Unwitting real-life Spinal Tap invokers, Lowestoft’s finest The Darkness were slow, determined burners for years until in 2003 their debut album Permission To Land bounced white spandex cat suit sales figures off the scale. Lead by the hilarious wailing extremes of Justin Hawkins’ balls out showmanship, drummer Ed Graham, Scotsman Frankie Poullain on bass and younger Hawkins brother Dan completing the dual-axe assault on the shitbag karaoke popstars and faux-misery emo acts of the day. Taking the UK festival circuit by storm in 2003 on the back of massive airplay for singles ‘I Believe In A Thing Called Love’, ‘Growing On Me’ and ‘Get Your Hands Off My Woman’ to name a few.
The good times were not set to last however. A Big Day Out performance where honours were shared with Muse for upstaging headliners Metallica in 2004 would further cement their status as a hard rocking pantomime of the highest order before the rot set in. In 2005 life on the road and the treacherous “musical differences” would claim the scalp of the handlebar moustached quiet one, Frankie Poullain. While the band carried on with the inclusion of towering egghead guitar tech taking up the bass, a weakened follow up album and tour would see the band fall apart in 2006. Six years on, they’re bringing star jumps and lunacy back to Australia and Tone Deaf caught up with the re-loved Frankie about his return.
Given the pointy end of a high-healed boot for reasons unexplained, while the band splintered into rubbish side projects and crack respectively, Frankie was left out of either scene. “I did nothing for six years after I left the band. We were like a family before. Justin was the trophy wife, Dan was the knowing father, Ed the drummer was the irritating disobedient teenager and I was the weird creepy uncle until it got very sour. It was as if we were giving ourselves the responsibility to make music that was joyous and euphoric but you can’t do that if you’re all pissed off with each other so for that reason it’s good that we didn’t carry on as we were. It wasn’t very rock ’n roll anymore…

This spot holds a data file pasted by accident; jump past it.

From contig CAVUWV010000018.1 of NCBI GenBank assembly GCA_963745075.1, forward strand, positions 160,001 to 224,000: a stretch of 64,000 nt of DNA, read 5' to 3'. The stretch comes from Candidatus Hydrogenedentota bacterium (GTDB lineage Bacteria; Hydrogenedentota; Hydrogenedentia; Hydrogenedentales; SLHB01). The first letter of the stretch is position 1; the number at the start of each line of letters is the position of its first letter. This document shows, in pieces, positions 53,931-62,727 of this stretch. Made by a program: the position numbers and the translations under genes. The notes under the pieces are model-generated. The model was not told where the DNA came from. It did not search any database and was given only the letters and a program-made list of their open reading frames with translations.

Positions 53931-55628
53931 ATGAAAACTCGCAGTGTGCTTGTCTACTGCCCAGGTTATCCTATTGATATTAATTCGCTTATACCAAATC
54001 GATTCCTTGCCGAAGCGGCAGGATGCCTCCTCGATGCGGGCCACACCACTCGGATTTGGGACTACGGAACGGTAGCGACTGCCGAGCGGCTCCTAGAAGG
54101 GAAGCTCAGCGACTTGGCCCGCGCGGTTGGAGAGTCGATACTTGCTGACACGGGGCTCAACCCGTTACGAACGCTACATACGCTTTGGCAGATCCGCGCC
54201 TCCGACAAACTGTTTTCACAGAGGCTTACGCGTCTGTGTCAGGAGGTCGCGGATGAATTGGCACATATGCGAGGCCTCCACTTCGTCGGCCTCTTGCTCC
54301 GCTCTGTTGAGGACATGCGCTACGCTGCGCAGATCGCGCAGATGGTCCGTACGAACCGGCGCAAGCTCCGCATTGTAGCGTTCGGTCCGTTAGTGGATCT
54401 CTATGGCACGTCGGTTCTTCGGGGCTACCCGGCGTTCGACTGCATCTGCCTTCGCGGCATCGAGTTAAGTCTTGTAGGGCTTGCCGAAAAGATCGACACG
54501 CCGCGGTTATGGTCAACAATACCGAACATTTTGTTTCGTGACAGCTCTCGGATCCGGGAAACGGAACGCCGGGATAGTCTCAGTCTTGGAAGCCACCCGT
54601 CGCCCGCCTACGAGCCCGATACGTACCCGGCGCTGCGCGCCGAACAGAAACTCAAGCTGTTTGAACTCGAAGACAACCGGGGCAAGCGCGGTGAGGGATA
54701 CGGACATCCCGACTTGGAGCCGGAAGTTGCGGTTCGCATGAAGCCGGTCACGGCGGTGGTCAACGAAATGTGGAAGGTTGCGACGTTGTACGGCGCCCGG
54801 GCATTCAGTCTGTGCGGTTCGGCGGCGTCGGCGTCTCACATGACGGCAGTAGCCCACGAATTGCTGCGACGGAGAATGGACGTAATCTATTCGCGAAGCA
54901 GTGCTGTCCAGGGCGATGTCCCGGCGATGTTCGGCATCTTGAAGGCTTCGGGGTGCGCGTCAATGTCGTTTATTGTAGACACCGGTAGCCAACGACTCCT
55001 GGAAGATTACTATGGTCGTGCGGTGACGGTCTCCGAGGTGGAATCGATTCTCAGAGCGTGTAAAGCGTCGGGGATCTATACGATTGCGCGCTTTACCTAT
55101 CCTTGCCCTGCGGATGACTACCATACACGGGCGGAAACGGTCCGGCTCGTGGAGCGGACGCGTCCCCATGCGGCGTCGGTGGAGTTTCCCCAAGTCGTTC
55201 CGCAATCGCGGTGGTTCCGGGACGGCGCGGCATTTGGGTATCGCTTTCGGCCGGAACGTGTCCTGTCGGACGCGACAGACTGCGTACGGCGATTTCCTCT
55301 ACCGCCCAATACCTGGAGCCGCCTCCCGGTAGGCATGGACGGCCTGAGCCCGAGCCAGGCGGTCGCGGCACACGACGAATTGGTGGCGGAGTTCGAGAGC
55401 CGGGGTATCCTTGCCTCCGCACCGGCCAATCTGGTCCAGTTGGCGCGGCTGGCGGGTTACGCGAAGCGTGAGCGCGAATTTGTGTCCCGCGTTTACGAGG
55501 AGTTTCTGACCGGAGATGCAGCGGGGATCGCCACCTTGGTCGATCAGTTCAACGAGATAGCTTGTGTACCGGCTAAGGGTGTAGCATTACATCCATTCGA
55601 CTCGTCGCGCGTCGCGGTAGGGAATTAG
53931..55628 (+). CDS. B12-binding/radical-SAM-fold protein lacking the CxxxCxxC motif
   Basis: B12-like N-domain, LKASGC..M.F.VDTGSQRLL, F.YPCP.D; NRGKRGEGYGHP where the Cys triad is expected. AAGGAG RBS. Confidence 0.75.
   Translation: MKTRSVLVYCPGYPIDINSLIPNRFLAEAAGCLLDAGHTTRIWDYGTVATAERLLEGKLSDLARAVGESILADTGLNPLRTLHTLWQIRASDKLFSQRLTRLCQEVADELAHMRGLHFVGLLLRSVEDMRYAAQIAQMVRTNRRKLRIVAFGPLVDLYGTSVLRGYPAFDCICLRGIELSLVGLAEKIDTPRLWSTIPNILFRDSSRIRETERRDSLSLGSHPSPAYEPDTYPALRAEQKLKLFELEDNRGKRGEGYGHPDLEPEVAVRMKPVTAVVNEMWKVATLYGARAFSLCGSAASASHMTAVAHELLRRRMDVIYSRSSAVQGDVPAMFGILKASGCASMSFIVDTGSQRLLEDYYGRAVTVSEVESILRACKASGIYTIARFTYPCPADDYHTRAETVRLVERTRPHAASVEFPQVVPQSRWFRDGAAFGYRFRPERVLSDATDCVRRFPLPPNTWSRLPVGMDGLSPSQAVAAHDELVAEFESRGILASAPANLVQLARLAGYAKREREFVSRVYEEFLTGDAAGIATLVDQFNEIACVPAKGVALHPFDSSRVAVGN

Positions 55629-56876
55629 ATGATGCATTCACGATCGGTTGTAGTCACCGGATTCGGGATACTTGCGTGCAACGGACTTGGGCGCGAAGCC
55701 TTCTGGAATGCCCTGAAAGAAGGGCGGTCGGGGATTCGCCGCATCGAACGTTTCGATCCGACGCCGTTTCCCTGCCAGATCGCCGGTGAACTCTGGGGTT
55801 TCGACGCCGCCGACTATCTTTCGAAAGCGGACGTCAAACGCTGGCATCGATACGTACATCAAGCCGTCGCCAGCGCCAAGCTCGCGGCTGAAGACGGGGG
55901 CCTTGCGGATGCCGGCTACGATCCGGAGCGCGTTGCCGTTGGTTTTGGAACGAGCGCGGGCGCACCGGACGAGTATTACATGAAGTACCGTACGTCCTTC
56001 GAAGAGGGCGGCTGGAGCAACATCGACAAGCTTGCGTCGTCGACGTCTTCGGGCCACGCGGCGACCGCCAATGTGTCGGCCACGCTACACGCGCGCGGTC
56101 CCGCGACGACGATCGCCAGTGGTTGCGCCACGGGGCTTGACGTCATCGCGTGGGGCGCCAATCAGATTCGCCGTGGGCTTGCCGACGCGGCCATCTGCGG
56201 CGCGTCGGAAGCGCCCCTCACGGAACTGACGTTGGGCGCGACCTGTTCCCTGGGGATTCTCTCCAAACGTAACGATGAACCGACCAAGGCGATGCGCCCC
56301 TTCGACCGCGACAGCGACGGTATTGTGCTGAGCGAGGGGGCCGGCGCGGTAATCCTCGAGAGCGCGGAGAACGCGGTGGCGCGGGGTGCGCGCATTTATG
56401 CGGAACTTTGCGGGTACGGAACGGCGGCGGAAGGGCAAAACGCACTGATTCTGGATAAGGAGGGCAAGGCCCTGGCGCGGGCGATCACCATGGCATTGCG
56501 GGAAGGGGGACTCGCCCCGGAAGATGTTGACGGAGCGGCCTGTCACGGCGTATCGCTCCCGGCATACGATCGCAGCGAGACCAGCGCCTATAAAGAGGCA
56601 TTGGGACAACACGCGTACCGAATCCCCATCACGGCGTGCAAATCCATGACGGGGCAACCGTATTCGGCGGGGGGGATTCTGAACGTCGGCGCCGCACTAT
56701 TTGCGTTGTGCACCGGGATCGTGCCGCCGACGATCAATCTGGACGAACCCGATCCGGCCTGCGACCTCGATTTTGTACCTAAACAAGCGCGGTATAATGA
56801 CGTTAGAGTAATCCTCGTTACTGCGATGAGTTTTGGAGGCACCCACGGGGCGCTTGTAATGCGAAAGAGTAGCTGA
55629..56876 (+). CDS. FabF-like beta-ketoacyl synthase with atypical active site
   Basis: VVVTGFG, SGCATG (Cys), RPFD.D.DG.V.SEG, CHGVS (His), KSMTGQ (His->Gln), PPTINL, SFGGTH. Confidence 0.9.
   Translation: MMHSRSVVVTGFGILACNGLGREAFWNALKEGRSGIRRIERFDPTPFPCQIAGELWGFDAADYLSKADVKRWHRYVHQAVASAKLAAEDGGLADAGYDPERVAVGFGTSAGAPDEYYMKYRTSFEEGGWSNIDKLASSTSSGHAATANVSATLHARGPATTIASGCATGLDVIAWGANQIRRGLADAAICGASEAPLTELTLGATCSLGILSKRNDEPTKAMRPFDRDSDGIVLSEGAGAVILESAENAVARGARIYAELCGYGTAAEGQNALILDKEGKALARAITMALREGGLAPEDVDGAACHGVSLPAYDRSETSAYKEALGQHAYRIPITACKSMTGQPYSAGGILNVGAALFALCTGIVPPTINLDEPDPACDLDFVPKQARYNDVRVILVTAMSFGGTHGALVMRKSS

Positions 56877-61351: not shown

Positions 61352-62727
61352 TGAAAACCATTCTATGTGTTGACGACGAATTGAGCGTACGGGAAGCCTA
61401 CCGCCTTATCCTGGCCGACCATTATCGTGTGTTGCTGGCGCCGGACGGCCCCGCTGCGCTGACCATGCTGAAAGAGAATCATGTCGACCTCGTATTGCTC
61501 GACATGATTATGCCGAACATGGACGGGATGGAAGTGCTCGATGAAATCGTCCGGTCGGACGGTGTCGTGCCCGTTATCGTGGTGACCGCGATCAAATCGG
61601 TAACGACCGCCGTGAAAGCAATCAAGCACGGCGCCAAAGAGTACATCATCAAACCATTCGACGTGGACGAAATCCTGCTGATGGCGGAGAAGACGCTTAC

“It’s not easy. People think we’re just pissing ‘round and crackin’ a few jokes in the studio the whole time. Even though it’s not like we’re Miles Davis, it can always be a struggle to come up with something special. Like anything really, whether you’re writing plays or novels, you have to work at it. It’s the same energy. I think when you’ve got the four or five members of a band around and they’re not right on the edge of their capabilities it falls away. If the edge isn’t there, then the comfort zone takes over. It happened to a lot of the big bands in the 70s, they fell away into sort of vanity projects and punk rose up to fill the void.”
True enough and that’s precisely what happened to The Darkness. It’s a good thing they’re back in that case, as punk blinked and gave us Sting. Fuck knows we don’t need another one of him so all power to the power chords. However, the resentment clearly lingers in the wavering drawl of the once bitten bass player and wounds are still only stitched. Delving further into the reactivating of the band the sore spots are revealed.
“If anything it was restarting… the first album was a document of the time it was in. Because of that, because we’d been together a long time already then getting together now as a group again it has that feel to it. Writing songs, bringing me and Ed together again, and it feels more like the times around Permission To Land. Things are more positive now.”
All isn’t so somber these days in the paradoxical world of brilliantly cheese-coated songs and sullen hours in the studio. The good times are returning, but it’s more measured than before. Along with typically raucous new single ‘Nothing’s Gonna Stop Us’, the band is offering a few tweaks on classic material to keep it interesting Frankie explains.
“The US tour that we’ve just come off was really one of the best we’ve ever done in terms of reaction. We’re really confident about where we’re at now. There’s a great energy between us all so it’s gone really well so far.
“We’re playing one of the songs from the first album, “Holding My Own”. It’s a ballad and this is the first time we’ve actually played it live. Justin plays it acoustically. We’ve done it on the last tour so we might do it in Australia.”
We are certainly hanging out for that one, while keeping an eye on any smarmy glances between Frankie and Ed when The Darkness land down under in May. You should too.